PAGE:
Dales Vickers FNAEA

 

On The Market

As many of you will no doubt be aware a new property portal called "OnTheMarket.com" was launched in January. It aims to compete with Rightmove and Primelocation (Zoopla) but in order to be listed on OnTheMarket an agent must give up either Rightmove or Zoopla. It is not possible to be on all three. For that reason this agency has elected to remain with Rigthmove and Zoopla for at least the time being. OnTheMarket will clearly take a few years to get established and we felt that giving up either Rightmove or Zoopla at this early stage would not be in our clients interest. Ensuring that we provide maximum market exposure for our landlords and vendors is our primary concern and so we will monitor the progress of OnTheMarket. If it grows to a point where it is providing wider exposure than either Rightmove or Zoopla then we will reconsider.

Looking back over 2014 we clearly had a period, probably from about April to June where house prices were "white hot" reminiscent of 2007. House prices were rising by the week causing viewing numbers to rocket with buyers trying to close deals at the viewing in order to stop the next viewing from taking place. It was clearly a situation that could not last and the Mortgage Market Review (MMR) had an immediate dampening effect when it came into force. Under the terms of the MMR lenders are obliged to apply even more strict criteria to borrowers than they had previously been applying. Buyers who had previously agreed borrowing where told after MMR that they would no longer be able to borrow as much. Deals that had been agreed just a day ago collapsed because the asking price could no longer be reached. In our view the second half of 2014 saw the market adjust itself to the new stricter lending requirements and consequently prices softened a little. Looking ahead to the New Year both enquiries and viewing numbers are up so we suspect that buyers have adjusted their financing, increased their deposits and are once again ready to go. Although we have to be wary of the General Election the early indications for 2015 are very positive with prices moving ahead steadily.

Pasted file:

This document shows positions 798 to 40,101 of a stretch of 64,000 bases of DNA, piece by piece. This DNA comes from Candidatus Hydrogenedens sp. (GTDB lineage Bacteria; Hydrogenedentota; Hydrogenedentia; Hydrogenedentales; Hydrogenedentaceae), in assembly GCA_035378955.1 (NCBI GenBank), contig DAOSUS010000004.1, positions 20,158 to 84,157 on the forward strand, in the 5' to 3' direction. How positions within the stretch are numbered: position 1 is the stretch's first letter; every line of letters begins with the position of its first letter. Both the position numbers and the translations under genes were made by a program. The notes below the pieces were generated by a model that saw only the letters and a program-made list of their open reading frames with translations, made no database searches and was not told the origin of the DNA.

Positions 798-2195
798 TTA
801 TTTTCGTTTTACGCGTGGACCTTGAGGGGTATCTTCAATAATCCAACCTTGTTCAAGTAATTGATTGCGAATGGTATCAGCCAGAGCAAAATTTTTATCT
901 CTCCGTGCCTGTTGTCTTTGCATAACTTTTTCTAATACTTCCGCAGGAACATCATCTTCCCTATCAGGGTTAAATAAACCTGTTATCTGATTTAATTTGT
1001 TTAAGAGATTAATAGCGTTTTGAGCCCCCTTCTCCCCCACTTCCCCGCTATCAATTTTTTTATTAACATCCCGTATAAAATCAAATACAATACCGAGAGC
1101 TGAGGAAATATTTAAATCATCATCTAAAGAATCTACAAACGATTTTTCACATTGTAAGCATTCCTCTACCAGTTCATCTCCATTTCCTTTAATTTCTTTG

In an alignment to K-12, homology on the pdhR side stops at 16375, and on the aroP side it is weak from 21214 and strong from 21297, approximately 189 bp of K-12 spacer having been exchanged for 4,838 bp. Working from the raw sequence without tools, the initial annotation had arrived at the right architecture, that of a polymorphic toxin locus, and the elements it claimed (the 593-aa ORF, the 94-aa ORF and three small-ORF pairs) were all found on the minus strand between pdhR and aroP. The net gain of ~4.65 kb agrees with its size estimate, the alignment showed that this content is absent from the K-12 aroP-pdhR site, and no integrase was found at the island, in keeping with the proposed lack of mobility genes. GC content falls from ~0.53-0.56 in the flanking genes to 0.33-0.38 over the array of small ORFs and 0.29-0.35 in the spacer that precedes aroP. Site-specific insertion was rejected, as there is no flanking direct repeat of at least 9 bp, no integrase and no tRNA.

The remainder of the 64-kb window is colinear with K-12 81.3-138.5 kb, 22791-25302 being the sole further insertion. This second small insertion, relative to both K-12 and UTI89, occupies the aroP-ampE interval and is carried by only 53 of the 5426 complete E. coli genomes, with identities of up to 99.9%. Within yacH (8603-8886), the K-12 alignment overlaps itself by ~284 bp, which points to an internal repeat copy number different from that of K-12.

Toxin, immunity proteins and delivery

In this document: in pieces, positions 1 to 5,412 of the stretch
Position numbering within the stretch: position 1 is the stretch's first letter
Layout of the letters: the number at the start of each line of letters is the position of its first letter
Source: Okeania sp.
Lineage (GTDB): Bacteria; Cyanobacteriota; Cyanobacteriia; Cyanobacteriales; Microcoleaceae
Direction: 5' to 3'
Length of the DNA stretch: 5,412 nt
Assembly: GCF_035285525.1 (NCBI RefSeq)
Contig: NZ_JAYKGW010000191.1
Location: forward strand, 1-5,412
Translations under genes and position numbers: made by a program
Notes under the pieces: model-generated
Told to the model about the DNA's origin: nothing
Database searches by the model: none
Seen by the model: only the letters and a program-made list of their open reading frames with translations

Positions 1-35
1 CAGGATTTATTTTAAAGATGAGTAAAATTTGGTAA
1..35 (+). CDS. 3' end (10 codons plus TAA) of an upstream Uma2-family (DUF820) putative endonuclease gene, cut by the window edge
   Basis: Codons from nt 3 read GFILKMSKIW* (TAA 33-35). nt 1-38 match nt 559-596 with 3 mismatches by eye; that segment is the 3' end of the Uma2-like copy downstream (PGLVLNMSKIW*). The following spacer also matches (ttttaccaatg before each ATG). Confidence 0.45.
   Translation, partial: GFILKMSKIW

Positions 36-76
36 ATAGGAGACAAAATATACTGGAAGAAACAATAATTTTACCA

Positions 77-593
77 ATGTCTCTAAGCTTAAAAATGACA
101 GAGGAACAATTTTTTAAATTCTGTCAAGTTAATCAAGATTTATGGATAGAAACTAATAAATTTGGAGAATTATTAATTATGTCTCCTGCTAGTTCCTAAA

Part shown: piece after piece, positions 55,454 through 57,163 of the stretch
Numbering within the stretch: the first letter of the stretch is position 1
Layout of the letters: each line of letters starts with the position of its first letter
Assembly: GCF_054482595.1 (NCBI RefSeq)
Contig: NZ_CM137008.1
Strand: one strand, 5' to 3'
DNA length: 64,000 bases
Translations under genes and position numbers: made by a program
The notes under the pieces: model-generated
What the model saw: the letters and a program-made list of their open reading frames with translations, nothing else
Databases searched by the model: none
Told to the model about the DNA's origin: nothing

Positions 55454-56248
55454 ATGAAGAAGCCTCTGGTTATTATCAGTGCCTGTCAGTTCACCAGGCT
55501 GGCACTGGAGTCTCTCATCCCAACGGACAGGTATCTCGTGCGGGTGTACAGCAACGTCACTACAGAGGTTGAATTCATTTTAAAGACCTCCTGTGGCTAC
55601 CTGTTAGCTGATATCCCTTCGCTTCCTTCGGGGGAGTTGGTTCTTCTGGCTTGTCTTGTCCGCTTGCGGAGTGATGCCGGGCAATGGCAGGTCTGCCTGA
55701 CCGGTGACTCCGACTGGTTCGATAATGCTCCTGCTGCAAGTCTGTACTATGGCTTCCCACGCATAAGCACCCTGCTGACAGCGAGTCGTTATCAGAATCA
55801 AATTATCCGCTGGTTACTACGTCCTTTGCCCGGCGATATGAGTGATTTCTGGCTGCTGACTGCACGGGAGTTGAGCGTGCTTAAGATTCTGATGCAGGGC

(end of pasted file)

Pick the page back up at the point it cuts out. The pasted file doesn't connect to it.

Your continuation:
Inventories are crucial

Many Landlords question the need to commission an inventory / schedule of condition for a property, or seem unsure about having a formal check-in and check-out process at the start and end of a tenancy.

It’s true that there are costs involved, and there is no legal requirement to have this done.

However; it is vital to have thorough and accurate information recorded in a formal report as when the tenancy ends, there needs to be something against which the property’s condition can be compared.

It is clear from case studies (available from several of the deposit dispute resolution services) that when a formal check-in and check-out takes place supported with a detailed report, there is far less ambiguity, and therefore far less likelihood of a dispute being lodged in the first place.

Feedback also indicates that reports produced by specialist independent companies are usually far more reliable than those produced by an agent or the Landlord himself. It takes a great deal of experience to make sure the report focuses on the right aspects, and the added advantage of being completely objective gives the report greater credence.

Ultimately it minimises the risk of a Landlord incurring unwarranted or avoidable expenses for remedial work which could far outweigh the cost of the inventory, and don’t forget… it’s tax-deductible!

Alice Fortune ARLA

Assistant Lettings Manager

Smoke Alarms

Where do Landlords stand regarding Smoke Alarms in rented property?

There is currently no legal requirement for landlords to provide fire/smoke alarms in single occupation tenanted properties if the property was built before 1992. Fire alarms are required for houses of multiple occupation regadless of when they were built. Neglecting the installation of smoke alarms could mean that the Landlord is failing to ensure that the property provided is safe, which is his duty under common law. We always therefore, strongly advise Landlords to have smoke alarms installed, and wherever possible, to have a mains -operated alarm fitted for the utmost safety.

Any house built after June 1992 automatically has a mains operated smoke alarm with battery back-up installed on each floor, as part of the current building regulations. Regarding rented properties of any age, all three or more storey houses must have their ceiling mounted alarms interlinked (hardwired or radio interlinked) so that all floors alarms sound simultaneously in the event of a fire, giving residents occupying the upper floors, a better chance of escape.